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Readers blog: Calls for Kenny White House boycott are 'wrong headed'

With fountains going green, the unmistakable sound of feet stomping on marble floors in traditional rhythm, and tables full of Emerald Isle sourced bread, cheese, seafood, and yes, whiskey, for a few hours each year the White House is transformed into the greatest celebration of Irish culture to be found anywhere the Global Irish have trod.

While the delivery of a bowl of shamrocks and the inherent goofiness of such a stereotypical event may seem to be lacking any true meaning, the value of the annual invitation by the White House to the Irish government is not one to be taken lightly.

Calls for Taoiseach Enda Kenny to break tradition and reject President Trump’s overture are wrong-headed. His acceptance in no way signals an adherence to, or support of, the misguided policies Trump espoused on the campaign trail, or, more alarmingly has already pursued in the early days of his Administration. Instead, it is the opportunity, unavailable to any other world leader, to articulate the values of his nation in the most followed arena of world politics year in and year out.

This past weekend’s enactment of a Muslim ban, and the continuing assault Trump’s White House is likely to inflict on immigrants all across the United States, is a matter of great policy importance to the Irish government.

Instead of speaking about the issue from 3,000 miles away, Taoiseach Kenny will have an opportunity to lend his voice to the estimated 50,000 undocumented Irish that call the United States home.

Given the chance, he certainly owes it to them to make a face-to-face appeal to President Trump for fairness in dealing with the reality that most have settled here for decades, been contributing members to our communities, and made homes for themselves and their families within our borders.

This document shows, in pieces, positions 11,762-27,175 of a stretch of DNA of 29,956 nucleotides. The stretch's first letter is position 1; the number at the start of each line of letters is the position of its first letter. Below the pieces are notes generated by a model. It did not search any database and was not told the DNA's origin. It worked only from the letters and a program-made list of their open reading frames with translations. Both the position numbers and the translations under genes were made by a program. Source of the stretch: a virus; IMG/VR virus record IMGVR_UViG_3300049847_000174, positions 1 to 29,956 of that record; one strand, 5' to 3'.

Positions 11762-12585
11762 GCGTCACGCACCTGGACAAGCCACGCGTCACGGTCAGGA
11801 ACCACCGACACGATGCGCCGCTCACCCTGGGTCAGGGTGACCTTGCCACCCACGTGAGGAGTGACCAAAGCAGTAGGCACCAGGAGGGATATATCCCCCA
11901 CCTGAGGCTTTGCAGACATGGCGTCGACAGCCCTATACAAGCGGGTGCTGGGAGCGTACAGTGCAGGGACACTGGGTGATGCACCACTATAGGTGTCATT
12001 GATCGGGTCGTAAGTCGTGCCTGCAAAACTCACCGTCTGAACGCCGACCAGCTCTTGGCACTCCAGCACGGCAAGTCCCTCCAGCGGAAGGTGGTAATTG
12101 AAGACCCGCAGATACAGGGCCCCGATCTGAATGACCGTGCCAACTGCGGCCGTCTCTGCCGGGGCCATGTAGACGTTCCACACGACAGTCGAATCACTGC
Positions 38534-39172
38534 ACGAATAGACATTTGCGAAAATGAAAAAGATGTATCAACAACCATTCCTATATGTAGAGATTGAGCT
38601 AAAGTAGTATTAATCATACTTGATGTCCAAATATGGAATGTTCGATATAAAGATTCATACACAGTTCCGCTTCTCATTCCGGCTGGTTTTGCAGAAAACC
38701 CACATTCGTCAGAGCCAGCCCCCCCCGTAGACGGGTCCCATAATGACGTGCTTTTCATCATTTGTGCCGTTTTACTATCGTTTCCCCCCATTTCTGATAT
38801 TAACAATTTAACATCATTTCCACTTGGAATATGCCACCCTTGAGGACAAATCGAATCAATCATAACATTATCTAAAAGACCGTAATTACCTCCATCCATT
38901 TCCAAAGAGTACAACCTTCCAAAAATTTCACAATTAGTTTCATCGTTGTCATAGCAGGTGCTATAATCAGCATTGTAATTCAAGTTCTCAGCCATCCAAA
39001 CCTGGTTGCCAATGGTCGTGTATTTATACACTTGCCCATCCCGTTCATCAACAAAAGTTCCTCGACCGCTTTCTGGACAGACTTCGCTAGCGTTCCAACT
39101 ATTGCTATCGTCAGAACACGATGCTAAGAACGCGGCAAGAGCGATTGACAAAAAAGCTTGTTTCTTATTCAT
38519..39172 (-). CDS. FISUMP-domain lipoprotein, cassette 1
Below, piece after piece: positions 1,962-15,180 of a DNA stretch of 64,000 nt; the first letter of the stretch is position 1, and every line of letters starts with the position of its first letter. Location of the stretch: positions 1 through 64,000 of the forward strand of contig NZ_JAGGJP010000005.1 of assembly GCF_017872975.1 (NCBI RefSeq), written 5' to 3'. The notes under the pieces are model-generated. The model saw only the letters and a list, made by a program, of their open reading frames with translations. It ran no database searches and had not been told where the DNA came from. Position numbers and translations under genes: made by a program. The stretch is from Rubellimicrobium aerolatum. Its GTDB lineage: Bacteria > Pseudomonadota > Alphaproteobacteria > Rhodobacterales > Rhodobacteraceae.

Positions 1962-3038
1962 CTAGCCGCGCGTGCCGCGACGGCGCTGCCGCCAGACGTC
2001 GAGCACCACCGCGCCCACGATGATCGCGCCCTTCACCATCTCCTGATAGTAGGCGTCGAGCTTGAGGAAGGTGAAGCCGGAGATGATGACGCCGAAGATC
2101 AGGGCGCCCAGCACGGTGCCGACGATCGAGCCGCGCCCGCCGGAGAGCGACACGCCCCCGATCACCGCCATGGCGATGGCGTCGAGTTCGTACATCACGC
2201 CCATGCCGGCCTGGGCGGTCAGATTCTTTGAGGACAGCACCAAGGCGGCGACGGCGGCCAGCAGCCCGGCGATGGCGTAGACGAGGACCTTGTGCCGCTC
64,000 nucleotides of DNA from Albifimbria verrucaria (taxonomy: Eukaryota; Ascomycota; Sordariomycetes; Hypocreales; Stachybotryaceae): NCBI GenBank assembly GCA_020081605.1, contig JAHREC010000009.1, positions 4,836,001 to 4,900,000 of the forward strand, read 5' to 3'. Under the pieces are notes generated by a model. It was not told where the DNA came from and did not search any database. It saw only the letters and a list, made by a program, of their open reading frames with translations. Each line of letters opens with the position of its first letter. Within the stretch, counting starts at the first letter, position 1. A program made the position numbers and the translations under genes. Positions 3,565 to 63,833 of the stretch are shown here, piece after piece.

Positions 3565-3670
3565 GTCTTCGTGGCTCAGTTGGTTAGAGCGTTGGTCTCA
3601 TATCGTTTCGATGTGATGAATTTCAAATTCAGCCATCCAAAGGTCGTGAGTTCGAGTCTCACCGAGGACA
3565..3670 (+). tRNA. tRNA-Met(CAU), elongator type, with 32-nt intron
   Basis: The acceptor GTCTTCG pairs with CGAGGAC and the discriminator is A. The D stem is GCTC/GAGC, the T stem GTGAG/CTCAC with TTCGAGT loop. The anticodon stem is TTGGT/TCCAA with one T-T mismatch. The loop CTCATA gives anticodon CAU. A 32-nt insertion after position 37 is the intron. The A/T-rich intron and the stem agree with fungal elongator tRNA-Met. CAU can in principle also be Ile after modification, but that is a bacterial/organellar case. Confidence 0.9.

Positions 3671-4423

President Trump’s strong calls for tax reform, and the dubious arguments some have made regarding Ireland’s role as a tax haven must also be confronted head on. The reality is that the economic relationship that exists between the United States and Ireland is a great two way street.

According to the American Chamber of Commerce Ireland, while 150,000 people are employed by US firms in Ireland, Irish companies employ 120,000 workers in 2600 locations, in all 50 states across the US. In the wake of the recent Apple court ruling and in anticipation of the impact of Brexit, making a strong case for Ireland as a strategic location for US companies to continue growing globally is critical.

Ireland and the US have long enjoyed a special relationship, and this annual date on the calendar is part of that.

As efforts continue to engage the 40 million strong members of the Global Irish community across the United States, and while Ireland’s success at harnessing goodwill from its Diaspora globally plays hugely into the small island’s ability to punch above its weight both from a business perspective and culturally, Taoiseach Kenny’s ability to connect face-to-face with President Trump has the ability to make a huge impact on the administration’s global outlook.

Steve Lenox

Rochestown

Cork

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